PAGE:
In addition to HDR10, the X900F also supports the Dolby Vision and Hybrid Log Gamma (HLG) HDR formats, but not HDR10+. Sony released its Dolby Vision update for the X900F just before our copy deadline. Upon installing it, the set would switch automatically to a Dolby Vision picture mode and displayed a Dolby Vision logo onscreen to indicate a Dolby Vision source. But that was only with compatible apps that were streamed internally by the TV. For outboard sources such as an external streaming box or Ultra HD Blu-ray player, Dolby Vision can be accessed only if the
The X900F has four HDMI inputs, but only two of them can pass the full 18Mbs bandwidth necessary to display Ultra HD programs with a 60 fps frame rate.
makers of those sources update their devices accordingly.
Another update we received close to the press deadline for this report was the Beta version of the Dolby Vision firmware enabling Oppo Ultra HD Blu-ray players to play Dolby Vision sources in Dolby Vision on the Sony XBR-65X900F. The Dolby Vision logo appears at the beginning of a Dolby Vision disc and the set switches to a special Dolby Vision Picture Mode.
While there was no time to perform a Dolby Vision calibration, the default settings on that Dolby Vision Picture Mode (apart from Motionflow, which I turned off) produced exceptional results.
Sony includes a satisfactory multi-function remote control with the X900F, though it isn’t backlit and some of the buttons are spaced uncomfortably close together. I found myself accidentally punching the TV button far too often, which had the effect of selecting the unused antenna input.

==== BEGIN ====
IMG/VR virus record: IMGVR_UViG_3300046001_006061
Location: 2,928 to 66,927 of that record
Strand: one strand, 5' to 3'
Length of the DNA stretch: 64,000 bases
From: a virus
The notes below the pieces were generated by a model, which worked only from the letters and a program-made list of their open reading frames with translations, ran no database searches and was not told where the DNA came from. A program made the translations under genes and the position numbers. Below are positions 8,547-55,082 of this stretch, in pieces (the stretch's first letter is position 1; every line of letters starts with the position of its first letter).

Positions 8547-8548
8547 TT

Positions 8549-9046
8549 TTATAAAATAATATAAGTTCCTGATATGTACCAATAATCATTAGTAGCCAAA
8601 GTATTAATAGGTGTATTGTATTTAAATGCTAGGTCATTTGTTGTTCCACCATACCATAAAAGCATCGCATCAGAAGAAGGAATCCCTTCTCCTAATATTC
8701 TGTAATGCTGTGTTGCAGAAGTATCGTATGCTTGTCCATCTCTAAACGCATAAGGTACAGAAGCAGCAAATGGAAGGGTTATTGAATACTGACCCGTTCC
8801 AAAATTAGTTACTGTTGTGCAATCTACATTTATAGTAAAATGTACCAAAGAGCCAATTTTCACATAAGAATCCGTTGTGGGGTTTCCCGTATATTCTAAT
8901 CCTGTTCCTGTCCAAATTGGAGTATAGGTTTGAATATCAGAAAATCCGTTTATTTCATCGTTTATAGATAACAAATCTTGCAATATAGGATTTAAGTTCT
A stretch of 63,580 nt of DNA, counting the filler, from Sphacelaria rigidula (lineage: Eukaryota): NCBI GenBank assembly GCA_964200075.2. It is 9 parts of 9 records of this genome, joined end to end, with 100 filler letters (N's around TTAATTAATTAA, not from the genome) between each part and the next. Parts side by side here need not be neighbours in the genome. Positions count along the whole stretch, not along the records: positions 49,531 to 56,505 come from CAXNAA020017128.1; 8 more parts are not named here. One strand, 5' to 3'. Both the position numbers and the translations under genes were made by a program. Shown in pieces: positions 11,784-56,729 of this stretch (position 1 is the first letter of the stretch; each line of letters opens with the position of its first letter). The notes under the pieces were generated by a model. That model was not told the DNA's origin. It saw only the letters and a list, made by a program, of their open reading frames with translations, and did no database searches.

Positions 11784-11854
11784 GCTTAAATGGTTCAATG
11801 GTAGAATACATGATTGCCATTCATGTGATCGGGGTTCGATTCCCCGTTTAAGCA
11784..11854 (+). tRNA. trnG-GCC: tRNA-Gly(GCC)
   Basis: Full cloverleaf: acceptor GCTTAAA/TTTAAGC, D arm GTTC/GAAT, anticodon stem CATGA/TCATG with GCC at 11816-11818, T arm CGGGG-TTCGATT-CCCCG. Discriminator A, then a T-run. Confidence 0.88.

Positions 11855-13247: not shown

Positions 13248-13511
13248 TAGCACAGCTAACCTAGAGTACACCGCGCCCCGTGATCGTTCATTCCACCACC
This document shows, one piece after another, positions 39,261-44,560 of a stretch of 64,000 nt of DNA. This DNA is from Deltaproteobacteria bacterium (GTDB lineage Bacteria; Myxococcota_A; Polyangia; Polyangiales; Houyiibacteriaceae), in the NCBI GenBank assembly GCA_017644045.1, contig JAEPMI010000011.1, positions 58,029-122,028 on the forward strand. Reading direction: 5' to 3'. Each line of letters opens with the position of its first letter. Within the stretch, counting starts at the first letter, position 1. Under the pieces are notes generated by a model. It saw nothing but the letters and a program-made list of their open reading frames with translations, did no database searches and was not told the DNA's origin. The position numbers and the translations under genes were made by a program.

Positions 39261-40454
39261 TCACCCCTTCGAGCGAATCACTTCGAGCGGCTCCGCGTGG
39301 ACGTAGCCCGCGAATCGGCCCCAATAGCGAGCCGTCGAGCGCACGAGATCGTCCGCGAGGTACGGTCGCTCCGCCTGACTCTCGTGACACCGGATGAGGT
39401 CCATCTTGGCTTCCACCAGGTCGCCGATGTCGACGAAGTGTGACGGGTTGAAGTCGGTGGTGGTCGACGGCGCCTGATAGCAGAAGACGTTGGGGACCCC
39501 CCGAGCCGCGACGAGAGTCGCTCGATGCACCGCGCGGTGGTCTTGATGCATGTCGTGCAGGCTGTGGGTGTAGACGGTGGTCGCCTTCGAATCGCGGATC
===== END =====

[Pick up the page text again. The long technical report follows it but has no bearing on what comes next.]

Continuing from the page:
Based on Google’s Android TV, Sony’s Smart TV platform provides all of the most popular streaming apps. With Chromecast built-in, the X900F can also play music, videos, and photos over your home network, and it has Miracast to mirror material displayed on a tablet, phone, or computer screen. While the set offers voice-recognition, its capabilities are extremely limited unless you sign up for a Google account and Borg yourself into the Google ecosystem.
The Sony passed all of our standard-and high-definition video processing tests. But though it displayed a 4K/ 60HZ/4:2:0/HDR signal from a pattern generator and from Billy Lynn’s Long Halftime Walk, the only disc available in that format, in both cases the source was
limited to 8-bit display.
The X900F’S audio performance is adequate, though unlikely to cure any itch you might have for an outboard sound system or a good soundbar. (The set’s splayed legs are designed to permit a Sony soundbar to fit between them.) When fed multichannel DTS or Dolby Digital soundtracks, the
X900F only outputs 2.1 channel stereo audio from its optical digital jack, however.
Some of the X900F’S important settings can’t be configured separately for HDR and SDR in the same Picture Mode. Sony contends that once you’ve established the best settings for these controls in SDR (particularly Advanced Color Temperature) they will be correct for HDR. I didn’t find that to be the case, though the differences, while measurable, were visually subtle. The only way to gain full control of all settings for both SDR and HDR is to choose different picture modes for each format. For that reason, I used Cinema Home for SDR, Cinema Pro for HDR, and manually
switched between them.
I spent over a week watching both Blu-ray discs and streamed SDR material on the X900F before attempting a calibration. The only changes I made from the SDR default settings were to turn Motionflow off and reduce the Brightness (backlight) control from its out-of-box level of 40 where it produced an insane peak SDR brightness level of 108 foot-lamberts (370 nits) down to 10, which produced just over 42 ft-l (144 nits).
There’s little that needs to be said about Sony’s superb video processing. Upconversion of non-uhd sources to the X900F’S 3840 x 2160-pixel panel looked equal in most respects to a true 4K source on a 65-inch set at a typical viewing distance.